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19 Dead After Man Attacks Japanese Facility For Disabled People

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A 26-year-old Japanese man went on a stabbing rampage on Tuesday morning at Tsukui Yamayuri-en, a facility for the disabled, leaving 19 individuals dead and 26 wounded, the Associated Press reports. This was one of the deadliest mass killings in Japan since World War II. 

This attack came just months after the man, Satoshi Uematsu, reportedly sent a letter to Parliament outlining his plans for this bloody attack and stating that he believed all disabled individuals should be euthanized.

According to the AP, Uematsu stated in the letter that he planned on murdering 470 disabled people in what he deemed a "revolution." He further stated that he would turn himself in after the attack had taken place. He wrote that he wanted to be judged innocent due to insanity, and be given 5 million yen and plastic surgery afterward so he could continue living a normal life.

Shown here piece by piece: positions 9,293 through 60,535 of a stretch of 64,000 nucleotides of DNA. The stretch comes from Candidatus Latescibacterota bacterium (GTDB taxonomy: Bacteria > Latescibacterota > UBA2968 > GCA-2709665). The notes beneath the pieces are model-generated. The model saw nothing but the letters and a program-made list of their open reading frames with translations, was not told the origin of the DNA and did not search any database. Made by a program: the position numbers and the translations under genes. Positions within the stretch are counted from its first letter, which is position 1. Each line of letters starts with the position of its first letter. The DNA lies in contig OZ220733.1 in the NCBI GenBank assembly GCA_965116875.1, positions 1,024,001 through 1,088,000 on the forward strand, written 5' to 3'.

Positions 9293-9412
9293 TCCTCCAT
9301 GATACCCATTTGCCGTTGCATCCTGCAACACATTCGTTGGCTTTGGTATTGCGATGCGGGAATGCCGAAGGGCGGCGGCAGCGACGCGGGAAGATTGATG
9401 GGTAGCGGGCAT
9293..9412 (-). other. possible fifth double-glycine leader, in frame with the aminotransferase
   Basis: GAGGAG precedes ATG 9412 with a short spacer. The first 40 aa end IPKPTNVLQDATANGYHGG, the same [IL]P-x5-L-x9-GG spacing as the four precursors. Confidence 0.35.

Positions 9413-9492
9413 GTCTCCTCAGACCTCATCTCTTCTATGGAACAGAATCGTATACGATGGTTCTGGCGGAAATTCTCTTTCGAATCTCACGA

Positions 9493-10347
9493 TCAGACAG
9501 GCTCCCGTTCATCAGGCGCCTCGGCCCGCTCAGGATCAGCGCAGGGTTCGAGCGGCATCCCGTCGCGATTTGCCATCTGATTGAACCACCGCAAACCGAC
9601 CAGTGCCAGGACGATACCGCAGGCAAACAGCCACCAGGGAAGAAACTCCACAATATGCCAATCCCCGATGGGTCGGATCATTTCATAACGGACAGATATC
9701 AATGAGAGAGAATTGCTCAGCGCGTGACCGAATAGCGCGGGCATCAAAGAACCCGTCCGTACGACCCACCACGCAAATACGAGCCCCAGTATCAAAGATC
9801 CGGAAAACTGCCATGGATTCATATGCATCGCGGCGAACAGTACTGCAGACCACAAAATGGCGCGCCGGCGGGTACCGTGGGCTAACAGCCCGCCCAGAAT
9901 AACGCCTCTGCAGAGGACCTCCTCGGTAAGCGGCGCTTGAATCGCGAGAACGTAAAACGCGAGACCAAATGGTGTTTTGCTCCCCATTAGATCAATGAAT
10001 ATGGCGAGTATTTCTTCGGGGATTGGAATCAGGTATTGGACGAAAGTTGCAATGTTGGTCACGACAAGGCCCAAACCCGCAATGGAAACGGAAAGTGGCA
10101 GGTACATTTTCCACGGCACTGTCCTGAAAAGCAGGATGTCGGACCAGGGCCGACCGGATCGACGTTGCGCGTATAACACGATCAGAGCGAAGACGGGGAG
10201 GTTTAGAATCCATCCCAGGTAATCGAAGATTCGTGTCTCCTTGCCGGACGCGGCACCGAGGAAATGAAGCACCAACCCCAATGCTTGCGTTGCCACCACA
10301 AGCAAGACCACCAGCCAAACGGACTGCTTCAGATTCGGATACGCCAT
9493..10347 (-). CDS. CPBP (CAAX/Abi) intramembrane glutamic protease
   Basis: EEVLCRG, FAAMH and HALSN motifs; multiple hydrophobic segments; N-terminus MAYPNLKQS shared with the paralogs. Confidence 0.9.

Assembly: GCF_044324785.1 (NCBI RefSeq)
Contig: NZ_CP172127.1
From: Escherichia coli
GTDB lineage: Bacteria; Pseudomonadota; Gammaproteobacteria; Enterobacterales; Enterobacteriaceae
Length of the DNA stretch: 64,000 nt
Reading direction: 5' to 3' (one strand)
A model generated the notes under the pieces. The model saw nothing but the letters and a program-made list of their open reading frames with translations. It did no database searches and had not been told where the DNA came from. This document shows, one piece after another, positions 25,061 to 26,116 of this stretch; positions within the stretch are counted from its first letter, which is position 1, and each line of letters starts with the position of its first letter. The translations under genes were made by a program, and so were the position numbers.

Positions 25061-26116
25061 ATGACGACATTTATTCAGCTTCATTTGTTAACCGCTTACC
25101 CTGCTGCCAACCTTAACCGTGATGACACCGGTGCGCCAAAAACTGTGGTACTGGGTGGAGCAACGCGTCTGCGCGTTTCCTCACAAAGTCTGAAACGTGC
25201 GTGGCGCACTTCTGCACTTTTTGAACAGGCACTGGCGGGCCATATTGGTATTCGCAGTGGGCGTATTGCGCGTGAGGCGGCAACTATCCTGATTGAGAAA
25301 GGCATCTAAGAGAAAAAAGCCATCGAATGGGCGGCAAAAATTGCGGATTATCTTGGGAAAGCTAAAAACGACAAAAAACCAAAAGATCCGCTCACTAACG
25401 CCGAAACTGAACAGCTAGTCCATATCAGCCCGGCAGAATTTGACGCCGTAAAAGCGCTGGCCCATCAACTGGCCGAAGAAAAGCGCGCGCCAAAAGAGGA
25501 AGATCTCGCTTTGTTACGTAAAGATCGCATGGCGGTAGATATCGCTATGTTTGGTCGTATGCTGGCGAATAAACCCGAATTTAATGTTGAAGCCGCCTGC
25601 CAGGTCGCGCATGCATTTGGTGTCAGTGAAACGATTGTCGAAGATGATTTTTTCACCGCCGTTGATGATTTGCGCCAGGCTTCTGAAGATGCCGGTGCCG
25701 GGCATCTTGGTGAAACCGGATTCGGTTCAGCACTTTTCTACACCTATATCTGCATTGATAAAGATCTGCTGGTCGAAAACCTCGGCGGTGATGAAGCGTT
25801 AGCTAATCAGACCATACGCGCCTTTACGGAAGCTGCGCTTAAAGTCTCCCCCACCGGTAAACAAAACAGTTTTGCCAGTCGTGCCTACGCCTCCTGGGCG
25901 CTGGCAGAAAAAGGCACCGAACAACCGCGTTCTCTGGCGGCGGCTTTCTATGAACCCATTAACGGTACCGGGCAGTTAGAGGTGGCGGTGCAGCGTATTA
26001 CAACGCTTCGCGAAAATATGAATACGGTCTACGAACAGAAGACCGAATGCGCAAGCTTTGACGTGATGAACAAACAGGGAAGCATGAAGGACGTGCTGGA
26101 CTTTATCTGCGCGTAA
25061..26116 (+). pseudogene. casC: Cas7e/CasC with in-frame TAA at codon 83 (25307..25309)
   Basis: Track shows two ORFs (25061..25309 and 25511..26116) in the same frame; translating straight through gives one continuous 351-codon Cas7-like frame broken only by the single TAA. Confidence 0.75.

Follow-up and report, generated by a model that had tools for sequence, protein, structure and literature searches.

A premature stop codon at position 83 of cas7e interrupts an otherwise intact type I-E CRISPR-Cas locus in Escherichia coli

Uematsu was a former employee of Tsukui Yamayuri-en, working at the facility from 2012 until February of this year, CNN reports. Although his letter included all of Uematsu’s personal information and was delivered prior to his last day of work at the facility, it's unclear if it affected his employment. Instead, neighbors say Uematsu was in trouble because he had a tattoo, which is frowned upon in Japan.

According to CNN, the facility employs over 200 people, but only nine employees, including a single security guard, were actually working when Uematsu carried out the attack. He likely knew that there would only be a small of number of staff present when he broke into the facility at 2 a.m. Uematsu turned himself in to the Sagamihara police station immediately after, carrying the knife he used to commit the murders.

Those who knew Uematsu were shocked, describing him as polite and seemingly normal, according to the AP. Akihiro Hasegawa, Uematsu’s neighbor, called him an "ordinary young fellow." 

Kanagawa Governor Yuji Kuroiwa released an apology for failing to act on Uematsu's clear mental illness, even after Parliament received his warning letter.


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